#GPnews: Campaign group 'suspends' legal action into junior doctor contract imposition
17:05 Health select committee chair Dr Sarah Wollaston has refused to hand out 'misleading' Vote Leave NHS leaflets, despite backing so called 'Brexit', according to The Independent.
The senior Tory MP and former GP said the Leave campaign should 'stop treating the public like fools' by claiming that leaving the EU would free-up £350m a week to spend on the NHS.
Dr Wollaston added: ‘There are legitimate concerns about pressures of population growth on housing, schools and certain areas of health provision but the current pre-occupation [with] exploiting the NHS, and its protected branding, to support the leave campaign’s argument on the EU is a cynical distortion which undermines the credibility of their other arguments.'
15:45 Most GPs think that moderate alcohol consumption is acceptable, unlike the Chief Medical Officers who recently said that there is no safe level of alcohol consumption.
A study from CAMRA (campaign for real ale) has found that 60% of 1,006 GPs surveyed disagreed with the CMOs' statement that there was no safe level of alcohol consumption and 63% agreed that moderate alcohol could be part of a healthy lifestyle.
14:30 A judicial review examining the impact of the new junior doctor contract has been been 'suspended' while the new contract agreed between the BMA and the Government is being put to junior doctors.
The review, which was launched by campaign group Justice for Health in March, was to examine the impact the new junior doctor contract had on patient safety and the stability of the NHS, following its imposition by health secretary Jeremy Hunt.
But the BMA and the Government reached an agreement over some of the key areas of the contract in the long-running dispute, which will see trainees given enhanced payments for evening and weekend working.
This will be subject to a vote of junior doctors who are members of the BMA, who could still throw it out.
Justice for Health said that legal action would be suspended while the revised contract's terms and conditions are published – but adds that it still believes Mr Hunt 'acted unlawfully' by initially imposing the contract in February.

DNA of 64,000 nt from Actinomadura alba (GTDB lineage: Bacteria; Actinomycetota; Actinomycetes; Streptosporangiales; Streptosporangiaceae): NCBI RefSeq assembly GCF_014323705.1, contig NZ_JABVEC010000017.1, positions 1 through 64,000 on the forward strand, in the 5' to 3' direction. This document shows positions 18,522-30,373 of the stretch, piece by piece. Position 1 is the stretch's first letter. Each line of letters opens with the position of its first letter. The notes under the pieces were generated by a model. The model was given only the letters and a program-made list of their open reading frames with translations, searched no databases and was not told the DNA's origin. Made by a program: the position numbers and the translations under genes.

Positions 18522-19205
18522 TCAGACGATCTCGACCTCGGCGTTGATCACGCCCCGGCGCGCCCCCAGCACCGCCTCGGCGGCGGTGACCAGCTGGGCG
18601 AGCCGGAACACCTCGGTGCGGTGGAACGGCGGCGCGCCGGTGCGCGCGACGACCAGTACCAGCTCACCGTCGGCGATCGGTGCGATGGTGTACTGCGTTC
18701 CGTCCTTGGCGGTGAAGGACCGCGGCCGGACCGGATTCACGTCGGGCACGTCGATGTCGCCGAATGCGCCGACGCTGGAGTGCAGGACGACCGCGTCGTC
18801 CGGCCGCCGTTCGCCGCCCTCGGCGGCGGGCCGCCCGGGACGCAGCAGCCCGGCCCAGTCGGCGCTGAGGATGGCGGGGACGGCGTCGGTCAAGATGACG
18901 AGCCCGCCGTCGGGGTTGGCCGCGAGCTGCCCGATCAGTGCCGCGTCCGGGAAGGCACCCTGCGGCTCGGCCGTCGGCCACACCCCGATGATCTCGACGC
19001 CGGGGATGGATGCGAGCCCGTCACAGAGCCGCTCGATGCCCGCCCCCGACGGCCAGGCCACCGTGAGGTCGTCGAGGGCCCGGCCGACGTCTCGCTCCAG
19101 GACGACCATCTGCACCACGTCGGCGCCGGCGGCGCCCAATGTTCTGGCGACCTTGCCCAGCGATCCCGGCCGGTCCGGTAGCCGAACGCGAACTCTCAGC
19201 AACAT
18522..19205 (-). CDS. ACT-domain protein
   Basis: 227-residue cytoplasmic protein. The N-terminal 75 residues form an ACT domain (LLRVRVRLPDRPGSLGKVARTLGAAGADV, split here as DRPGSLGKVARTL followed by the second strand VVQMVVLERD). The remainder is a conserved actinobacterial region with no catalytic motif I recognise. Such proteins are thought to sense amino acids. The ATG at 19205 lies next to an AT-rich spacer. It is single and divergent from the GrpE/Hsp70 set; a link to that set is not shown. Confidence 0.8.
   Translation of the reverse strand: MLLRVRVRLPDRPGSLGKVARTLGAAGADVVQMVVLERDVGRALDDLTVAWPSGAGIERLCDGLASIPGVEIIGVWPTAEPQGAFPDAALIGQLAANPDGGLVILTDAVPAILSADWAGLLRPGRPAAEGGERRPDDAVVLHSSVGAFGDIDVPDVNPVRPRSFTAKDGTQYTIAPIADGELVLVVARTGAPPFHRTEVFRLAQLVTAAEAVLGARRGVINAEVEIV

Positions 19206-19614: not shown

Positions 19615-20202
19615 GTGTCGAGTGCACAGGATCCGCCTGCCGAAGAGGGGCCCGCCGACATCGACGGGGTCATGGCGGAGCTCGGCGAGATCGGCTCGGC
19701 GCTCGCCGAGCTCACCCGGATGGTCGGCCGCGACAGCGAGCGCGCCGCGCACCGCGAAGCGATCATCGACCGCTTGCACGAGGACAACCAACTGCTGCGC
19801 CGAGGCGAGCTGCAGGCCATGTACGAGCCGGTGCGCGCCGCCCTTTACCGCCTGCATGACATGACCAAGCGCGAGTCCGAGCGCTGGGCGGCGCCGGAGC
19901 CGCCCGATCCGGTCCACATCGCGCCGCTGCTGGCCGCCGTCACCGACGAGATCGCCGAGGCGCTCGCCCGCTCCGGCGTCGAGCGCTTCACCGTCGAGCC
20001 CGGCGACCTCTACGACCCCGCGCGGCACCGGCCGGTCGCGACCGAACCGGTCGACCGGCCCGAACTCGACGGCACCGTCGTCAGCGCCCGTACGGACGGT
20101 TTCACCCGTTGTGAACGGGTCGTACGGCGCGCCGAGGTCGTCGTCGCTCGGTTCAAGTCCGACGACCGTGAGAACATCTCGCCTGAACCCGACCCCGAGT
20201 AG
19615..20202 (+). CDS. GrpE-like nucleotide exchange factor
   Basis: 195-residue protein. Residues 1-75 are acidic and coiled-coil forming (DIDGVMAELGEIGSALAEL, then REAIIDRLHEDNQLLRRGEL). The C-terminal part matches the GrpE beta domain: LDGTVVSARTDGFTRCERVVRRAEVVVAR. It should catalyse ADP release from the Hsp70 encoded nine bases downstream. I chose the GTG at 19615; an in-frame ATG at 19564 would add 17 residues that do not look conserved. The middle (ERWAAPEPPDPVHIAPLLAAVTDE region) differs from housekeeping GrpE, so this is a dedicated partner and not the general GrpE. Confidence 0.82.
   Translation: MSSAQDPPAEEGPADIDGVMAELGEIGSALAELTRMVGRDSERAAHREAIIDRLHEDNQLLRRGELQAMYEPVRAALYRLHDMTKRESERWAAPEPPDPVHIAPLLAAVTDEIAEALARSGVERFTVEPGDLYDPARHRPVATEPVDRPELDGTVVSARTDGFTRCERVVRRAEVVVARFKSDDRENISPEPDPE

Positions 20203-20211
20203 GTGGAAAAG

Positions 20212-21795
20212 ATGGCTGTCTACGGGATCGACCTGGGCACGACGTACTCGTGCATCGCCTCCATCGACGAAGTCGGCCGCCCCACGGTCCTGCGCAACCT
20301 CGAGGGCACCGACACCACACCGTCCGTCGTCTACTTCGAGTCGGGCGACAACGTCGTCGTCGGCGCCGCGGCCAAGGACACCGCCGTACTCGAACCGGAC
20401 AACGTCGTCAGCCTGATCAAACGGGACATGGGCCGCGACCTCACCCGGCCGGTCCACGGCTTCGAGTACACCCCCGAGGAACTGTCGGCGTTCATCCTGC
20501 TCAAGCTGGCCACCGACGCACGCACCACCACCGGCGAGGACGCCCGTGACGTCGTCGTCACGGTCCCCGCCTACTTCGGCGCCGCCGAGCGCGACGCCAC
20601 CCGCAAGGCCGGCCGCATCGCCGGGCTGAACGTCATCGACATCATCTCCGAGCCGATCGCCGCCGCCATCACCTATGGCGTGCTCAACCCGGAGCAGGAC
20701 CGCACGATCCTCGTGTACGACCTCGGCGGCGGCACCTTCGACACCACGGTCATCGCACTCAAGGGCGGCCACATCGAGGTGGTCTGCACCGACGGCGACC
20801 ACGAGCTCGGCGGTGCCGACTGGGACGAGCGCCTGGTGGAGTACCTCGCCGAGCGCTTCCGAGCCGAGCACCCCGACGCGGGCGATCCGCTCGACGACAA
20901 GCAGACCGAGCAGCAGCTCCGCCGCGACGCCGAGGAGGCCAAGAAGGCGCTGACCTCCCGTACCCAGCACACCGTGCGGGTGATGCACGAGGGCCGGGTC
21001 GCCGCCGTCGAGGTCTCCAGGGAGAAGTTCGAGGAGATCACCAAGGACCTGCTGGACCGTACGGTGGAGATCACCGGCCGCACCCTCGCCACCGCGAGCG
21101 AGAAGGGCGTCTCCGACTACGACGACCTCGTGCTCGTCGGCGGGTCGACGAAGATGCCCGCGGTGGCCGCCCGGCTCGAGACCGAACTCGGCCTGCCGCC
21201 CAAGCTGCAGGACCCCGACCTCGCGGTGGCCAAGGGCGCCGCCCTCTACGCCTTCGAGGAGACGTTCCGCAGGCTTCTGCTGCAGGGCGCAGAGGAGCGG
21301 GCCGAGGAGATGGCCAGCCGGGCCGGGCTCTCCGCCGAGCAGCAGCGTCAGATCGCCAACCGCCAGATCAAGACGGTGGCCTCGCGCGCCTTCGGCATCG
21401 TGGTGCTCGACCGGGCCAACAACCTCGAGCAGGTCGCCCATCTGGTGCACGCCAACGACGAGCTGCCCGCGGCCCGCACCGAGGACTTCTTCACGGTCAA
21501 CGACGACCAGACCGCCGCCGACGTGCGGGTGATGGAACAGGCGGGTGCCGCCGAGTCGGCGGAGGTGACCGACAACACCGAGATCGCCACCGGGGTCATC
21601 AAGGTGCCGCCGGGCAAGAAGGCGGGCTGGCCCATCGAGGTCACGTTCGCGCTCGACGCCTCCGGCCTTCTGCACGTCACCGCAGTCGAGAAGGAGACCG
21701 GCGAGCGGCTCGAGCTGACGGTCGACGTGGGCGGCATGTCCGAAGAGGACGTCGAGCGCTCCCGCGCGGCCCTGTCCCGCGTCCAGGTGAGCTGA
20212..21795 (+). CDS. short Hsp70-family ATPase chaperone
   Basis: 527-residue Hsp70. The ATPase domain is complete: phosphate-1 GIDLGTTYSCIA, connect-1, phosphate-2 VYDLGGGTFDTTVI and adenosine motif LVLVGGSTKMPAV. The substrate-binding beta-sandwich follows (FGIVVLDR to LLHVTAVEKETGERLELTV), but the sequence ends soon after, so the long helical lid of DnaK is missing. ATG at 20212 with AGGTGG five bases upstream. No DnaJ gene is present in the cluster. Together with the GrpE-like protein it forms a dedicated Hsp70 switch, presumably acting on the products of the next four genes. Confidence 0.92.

⚖UPDATE: We've suspended our JR whilst we await the referendum result & remain ready to fight any future imposition. pic.twitter.com/sO0yBipcNB— Justice for Health (@Justice4Health_) May 23, 2016
12:25 A vote to leave the EU could jeopardise the search for a cancer cure and slow down the access to new medicines, scientists and regulators have claimed.
The chairman of the Medicines and Healthcare products Regulatory Agency said that leaving the EU would result in Britain being unable to access rapid alerts warning of dangers in drugs and healthcare devices, The Telegraph reports.
Meanwhile, pharmaceutical companies, including GlaxoSmithKline, have weighed in on the debate, adding that leaving the EU could result in a lack of shared systems – meaning British patients would be faced with longer waits for drugs available on the continent.
Professor Patrick Vallance, president of pharmaceutical research and development for GlaxoSmithKline, said: ‘We are in an area of unprecedented upswing. There are cures coming along and the last thing anyone needs is regulatory uncertainty.
'If you look at those countries that aren’t part of the EU, on average it takes longer to get new drugs approved.'
10:50 It also looks as though there will be big changes to the CQC’s inspection approach to hospitals, following the announcement of the regulator’s new five-year strategy.
The move to scale back the regularity of hospital inspections will also be mirrored in GP practices, after the publication of the NHS England’s GP Forward View confirmed that practices rated ‘good’ or ‘outstanding’ would only be inspected once every five years.
9:40 This morning we are leading on the CQC’s new five-year strategy and what it could mean for GPs.
In the regulator’s new outlook up until 2020, it has said that it intends to ramp up unannounced inspections of general practice in the next few years and will target practices which have received a number of reports of poor care.
Read Pulse’s full story here
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